We’ve seen an increased focus on quality in healthcare and increased use of measures by physicians, hospitals, nursing homes and other healthcare professions. It’s equally important to have measures that apply to pharmacies. We feel that the work that PQA has done throughout its history to create measures for health plans can also be utilized to measure pharmacy level quality, based on a pharmacy’s entire pharmacy populationWe feel that PQA is the right place for that and are pleased with the direction that PQA has taken as well as the continued focus on integrity of measures currently in the marketplace 

Our healthcare system continues to evolve in many ways. What do you see as the future for quality improvement in medication use and medication services? 

A big focus for NCPA is to ensure that our members are engaged in clinically integrated networks. We are focused to ensure that pharmacies are being paid for the clinical services they offer and that they are paid directly from the medical side of the benefitWe see that pharmacists are expanding their role in the provision of services in addition to the dispensing of prescriptions. 

One important role that will continue to evolve in the future is the use of clinical measures at the pharmacy level as pharmacists expand their clinical services. There are measures being created today that show great promise in the future for the utility and value of community pharmacists in expanding their services. COVID-19 has shed a brighter light on the level of service that community pharmacists can provide to patients in their local neighborhoods 

As you look back over your five-year tenure as a PQA Board member, what have been PQA’s greatest accomplishments?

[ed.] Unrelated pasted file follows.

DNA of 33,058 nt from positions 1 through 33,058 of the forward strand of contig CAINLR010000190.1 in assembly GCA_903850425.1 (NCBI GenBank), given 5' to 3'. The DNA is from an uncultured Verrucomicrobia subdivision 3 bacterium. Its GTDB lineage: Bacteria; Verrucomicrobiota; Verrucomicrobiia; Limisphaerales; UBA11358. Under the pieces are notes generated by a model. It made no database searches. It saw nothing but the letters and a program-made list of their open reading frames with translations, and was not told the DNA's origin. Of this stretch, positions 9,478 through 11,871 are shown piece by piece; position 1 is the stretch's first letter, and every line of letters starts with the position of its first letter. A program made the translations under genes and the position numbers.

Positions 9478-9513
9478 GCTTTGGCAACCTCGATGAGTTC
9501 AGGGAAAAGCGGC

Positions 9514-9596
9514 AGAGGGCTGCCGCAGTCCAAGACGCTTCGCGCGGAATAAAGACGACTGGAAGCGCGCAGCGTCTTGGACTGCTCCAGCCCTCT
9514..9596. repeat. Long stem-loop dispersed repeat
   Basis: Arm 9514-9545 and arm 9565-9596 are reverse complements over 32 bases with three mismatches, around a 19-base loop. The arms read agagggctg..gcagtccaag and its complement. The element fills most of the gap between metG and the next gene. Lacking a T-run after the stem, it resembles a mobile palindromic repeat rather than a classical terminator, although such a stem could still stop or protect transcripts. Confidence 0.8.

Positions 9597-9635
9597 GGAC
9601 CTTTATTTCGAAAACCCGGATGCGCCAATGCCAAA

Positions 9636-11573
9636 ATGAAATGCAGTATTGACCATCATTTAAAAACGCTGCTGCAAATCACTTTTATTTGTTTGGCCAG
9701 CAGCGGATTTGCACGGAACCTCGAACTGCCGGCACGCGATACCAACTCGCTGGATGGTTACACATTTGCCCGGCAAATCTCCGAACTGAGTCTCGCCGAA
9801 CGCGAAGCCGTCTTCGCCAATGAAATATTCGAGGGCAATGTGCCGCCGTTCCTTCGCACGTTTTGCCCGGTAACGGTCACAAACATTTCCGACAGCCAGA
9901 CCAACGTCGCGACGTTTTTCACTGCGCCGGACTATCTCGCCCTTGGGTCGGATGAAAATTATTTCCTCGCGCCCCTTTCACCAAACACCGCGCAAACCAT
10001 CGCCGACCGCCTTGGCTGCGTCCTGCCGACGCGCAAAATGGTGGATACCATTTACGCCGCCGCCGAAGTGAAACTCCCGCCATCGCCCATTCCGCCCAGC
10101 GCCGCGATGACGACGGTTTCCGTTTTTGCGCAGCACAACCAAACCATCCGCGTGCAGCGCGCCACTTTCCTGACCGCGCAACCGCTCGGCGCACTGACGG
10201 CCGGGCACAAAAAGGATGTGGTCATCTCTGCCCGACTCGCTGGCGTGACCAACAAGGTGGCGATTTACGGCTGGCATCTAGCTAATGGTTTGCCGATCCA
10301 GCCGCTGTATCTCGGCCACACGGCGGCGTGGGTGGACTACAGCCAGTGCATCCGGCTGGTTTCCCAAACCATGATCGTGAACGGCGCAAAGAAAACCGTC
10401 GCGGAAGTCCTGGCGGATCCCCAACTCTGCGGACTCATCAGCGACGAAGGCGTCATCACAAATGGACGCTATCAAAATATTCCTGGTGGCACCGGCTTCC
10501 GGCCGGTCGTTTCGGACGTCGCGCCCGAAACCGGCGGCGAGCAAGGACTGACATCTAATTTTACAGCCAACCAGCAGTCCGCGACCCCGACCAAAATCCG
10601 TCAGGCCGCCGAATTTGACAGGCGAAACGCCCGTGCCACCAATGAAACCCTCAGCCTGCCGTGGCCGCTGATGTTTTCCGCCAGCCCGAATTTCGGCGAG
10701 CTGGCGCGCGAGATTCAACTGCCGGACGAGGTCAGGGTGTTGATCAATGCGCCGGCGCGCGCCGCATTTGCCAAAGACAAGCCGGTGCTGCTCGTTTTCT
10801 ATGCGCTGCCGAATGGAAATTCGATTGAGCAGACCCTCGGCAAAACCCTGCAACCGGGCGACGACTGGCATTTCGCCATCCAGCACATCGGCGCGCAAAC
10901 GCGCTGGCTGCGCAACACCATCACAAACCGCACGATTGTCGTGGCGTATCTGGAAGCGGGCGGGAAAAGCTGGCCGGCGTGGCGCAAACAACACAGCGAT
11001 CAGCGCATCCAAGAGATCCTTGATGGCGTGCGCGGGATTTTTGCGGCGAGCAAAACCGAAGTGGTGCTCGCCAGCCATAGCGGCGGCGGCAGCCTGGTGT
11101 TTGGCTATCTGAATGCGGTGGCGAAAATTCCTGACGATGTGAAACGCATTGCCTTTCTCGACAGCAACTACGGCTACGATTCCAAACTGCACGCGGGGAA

It’s a bittersweet ending to my time at PQA, but I hopto remain active with PQA after completing my time on the board. I am very happy for PQA’s bright future and the new board members who have been selected moving forwardsWhile I was a PQA Board member, some of the greatest achievementwere to ensure the focus on pharmacy level measurement and data integration from pharmaciesAnother was to shine light to health plans on the value and role that pharmacies play and that looking at the entire population base of the pharmacy is vitalI am very pleased with the direction PQA is taking.  

I’m also proud to have worked collaboratively as a representative of NCPA and as a PQA board member to educate CMS as to the application of quality in the pharmacy space, the need for greater focus on the Part D space in pharmacy quality and potentially moving towards a pharmacy quality system in the Part D space in the future. We’ve seen positive signs from CMS in the past few years and expect CMS engagement in this space to grow. I’m excited to see the direction PQA is taking on the creation of new measures and the role of pharmacy quality in healthcare. I’m also excited to see the direction that CMS might take in the future to take a more in-depth look at the role of pharmacy quality in the Part D program.